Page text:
Don’t Get Cold Feet | T+L Family
Five ways to steer clear of chillsville
1. Keep those dogs dry. Socks that are even the tiniest bit damp from sweat mean trouble once you’re out in the cold. So take a tip from serious winter athletes: After you get to the slopes or the sledding hill, slip on a fresh pair just before your first run.
2. Be mindful of materials. Cotton retains moisture; wool and high-tech fibers wick it away and provide warmth. Two to try: the washer-and-dryer-safe socks from SmartWool(888/879-9665; smartwool.com; $13) and the Eurosock (shown here; 866/323-9648; angustrading.com; $15), made with scratch-free microfibers.
3. Stop at one pair. Contrary to what your mother told you, a single good pair of socks is usually enough. Still prone to Popsicle toes?Add a thin liner sock made of silk or polypropylene, such as Wick Dry Sta-Dri Jr. from Fox River (888/472-5678; sockcompany.com; $4.50). No more than two layers, though—blood flow is constricted when toes don’t have wiggle room.
4. Try the skier’s cheap trick. Disposable foot-warmers from Grabber Mycoal (800/426-4840; rei.com; $2) stick to the bottoms of socks. The packets are filled with iron filaments and salt; when exposed to air, the iron rusts, generating heat—and keeping hooves toasty for up to six hours.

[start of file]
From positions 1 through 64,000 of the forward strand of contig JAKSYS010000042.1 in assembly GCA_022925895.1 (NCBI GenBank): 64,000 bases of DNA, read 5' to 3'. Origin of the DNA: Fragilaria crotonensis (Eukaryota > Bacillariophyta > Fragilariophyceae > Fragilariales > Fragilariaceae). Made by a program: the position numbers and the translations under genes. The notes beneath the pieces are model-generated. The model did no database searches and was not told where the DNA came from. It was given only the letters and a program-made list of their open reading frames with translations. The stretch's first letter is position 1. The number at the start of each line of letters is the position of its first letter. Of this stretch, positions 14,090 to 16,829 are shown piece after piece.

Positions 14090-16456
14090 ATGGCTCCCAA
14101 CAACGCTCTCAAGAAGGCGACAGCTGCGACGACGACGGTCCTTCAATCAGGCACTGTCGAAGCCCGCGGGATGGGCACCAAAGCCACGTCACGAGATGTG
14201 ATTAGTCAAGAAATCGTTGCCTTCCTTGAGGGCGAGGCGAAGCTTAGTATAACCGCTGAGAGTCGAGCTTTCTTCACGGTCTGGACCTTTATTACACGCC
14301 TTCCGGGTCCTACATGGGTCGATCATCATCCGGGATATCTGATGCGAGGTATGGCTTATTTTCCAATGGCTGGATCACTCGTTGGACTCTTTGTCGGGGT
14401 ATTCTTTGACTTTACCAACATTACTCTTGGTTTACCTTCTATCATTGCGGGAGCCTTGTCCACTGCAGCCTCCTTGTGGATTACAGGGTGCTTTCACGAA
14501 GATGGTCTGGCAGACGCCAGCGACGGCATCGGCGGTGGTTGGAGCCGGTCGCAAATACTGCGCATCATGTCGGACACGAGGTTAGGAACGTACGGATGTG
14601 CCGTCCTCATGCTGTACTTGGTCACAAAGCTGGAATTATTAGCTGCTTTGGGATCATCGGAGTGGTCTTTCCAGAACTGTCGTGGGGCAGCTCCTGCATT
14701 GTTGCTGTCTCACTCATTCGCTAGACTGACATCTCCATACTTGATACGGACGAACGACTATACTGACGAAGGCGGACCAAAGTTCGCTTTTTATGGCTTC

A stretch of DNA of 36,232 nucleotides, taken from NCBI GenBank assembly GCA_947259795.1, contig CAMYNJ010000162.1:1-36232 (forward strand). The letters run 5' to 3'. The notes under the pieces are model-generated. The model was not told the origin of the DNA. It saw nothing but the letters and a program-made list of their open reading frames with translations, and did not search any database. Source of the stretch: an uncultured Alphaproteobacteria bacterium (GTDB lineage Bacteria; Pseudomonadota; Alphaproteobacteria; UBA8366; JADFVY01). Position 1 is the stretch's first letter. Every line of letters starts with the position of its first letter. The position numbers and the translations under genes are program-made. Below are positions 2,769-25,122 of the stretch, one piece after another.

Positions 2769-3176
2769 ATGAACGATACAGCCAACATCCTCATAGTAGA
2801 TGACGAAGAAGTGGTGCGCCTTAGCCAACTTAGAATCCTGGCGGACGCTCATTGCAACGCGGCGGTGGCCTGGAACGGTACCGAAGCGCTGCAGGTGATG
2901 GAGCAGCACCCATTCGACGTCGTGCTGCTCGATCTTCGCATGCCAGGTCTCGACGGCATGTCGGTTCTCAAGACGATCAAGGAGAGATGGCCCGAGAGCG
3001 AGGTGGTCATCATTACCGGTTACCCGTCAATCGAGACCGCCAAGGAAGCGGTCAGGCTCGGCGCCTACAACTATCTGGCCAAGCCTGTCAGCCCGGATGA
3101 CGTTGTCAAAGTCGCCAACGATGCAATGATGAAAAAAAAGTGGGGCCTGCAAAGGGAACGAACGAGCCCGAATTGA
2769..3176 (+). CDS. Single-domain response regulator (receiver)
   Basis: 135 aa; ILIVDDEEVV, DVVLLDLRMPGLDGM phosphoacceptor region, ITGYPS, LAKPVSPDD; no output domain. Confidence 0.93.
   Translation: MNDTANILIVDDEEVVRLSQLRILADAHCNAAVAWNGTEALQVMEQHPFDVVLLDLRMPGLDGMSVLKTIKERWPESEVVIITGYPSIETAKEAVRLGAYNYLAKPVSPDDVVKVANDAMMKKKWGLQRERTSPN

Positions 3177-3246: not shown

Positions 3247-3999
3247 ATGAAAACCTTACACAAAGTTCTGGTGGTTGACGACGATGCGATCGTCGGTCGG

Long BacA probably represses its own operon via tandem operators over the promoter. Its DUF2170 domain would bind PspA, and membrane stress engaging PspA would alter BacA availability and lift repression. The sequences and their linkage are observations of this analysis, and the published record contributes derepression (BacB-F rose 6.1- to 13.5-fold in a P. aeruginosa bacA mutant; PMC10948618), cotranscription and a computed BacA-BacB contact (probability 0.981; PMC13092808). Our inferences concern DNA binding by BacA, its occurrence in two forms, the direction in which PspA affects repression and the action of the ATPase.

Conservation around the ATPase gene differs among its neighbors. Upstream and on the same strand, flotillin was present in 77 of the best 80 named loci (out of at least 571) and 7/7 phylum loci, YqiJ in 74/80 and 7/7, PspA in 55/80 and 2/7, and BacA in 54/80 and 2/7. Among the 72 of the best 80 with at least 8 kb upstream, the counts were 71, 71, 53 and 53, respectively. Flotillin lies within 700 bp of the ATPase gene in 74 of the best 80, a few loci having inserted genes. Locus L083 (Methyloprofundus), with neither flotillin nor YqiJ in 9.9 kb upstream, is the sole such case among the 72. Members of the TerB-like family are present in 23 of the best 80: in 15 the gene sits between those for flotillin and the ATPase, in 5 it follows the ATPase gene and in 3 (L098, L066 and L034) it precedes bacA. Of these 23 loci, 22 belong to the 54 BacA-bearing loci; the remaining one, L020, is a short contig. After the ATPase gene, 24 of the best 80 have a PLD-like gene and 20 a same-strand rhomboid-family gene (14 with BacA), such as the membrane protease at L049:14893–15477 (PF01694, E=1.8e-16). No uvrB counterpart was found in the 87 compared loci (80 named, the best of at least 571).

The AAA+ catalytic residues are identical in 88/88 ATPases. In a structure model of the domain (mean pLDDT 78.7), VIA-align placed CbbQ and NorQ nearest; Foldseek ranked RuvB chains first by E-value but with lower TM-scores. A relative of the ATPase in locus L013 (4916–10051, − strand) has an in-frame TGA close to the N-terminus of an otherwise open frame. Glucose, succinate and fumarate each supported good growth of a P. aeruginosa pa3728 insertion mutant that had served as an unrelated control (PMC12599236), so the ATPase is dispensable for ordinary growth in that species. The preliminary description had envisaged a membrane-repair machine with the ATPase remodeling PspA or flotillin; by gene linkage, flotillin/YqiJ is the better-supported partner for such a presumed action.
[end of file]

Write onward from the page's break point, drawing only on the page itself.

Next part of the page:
5. Bag ’em. If you’re going to be knee-deep in snow, a little old-fashioned waterproofing helps. Grab a couple of bread bags from the cupboard and wrap one around each socked foot. Add another sock on top. Now go build an igloo.
Look for well-fitting waterproof options—too big or too small are both recipes for chilly feet. Insulating, quick-drying interiors are also crucial. Consider Sorel’s Cubs (877/666-7352; moosejaw.com; $45), with multilayered hand-washable felt liners, and Kamik Rockets (800/426-4840; rei.com; $45)—they have an exterior ankle strap for a snug fit, and are rated to minus 40 degrees. Your kids may never come in from the cold.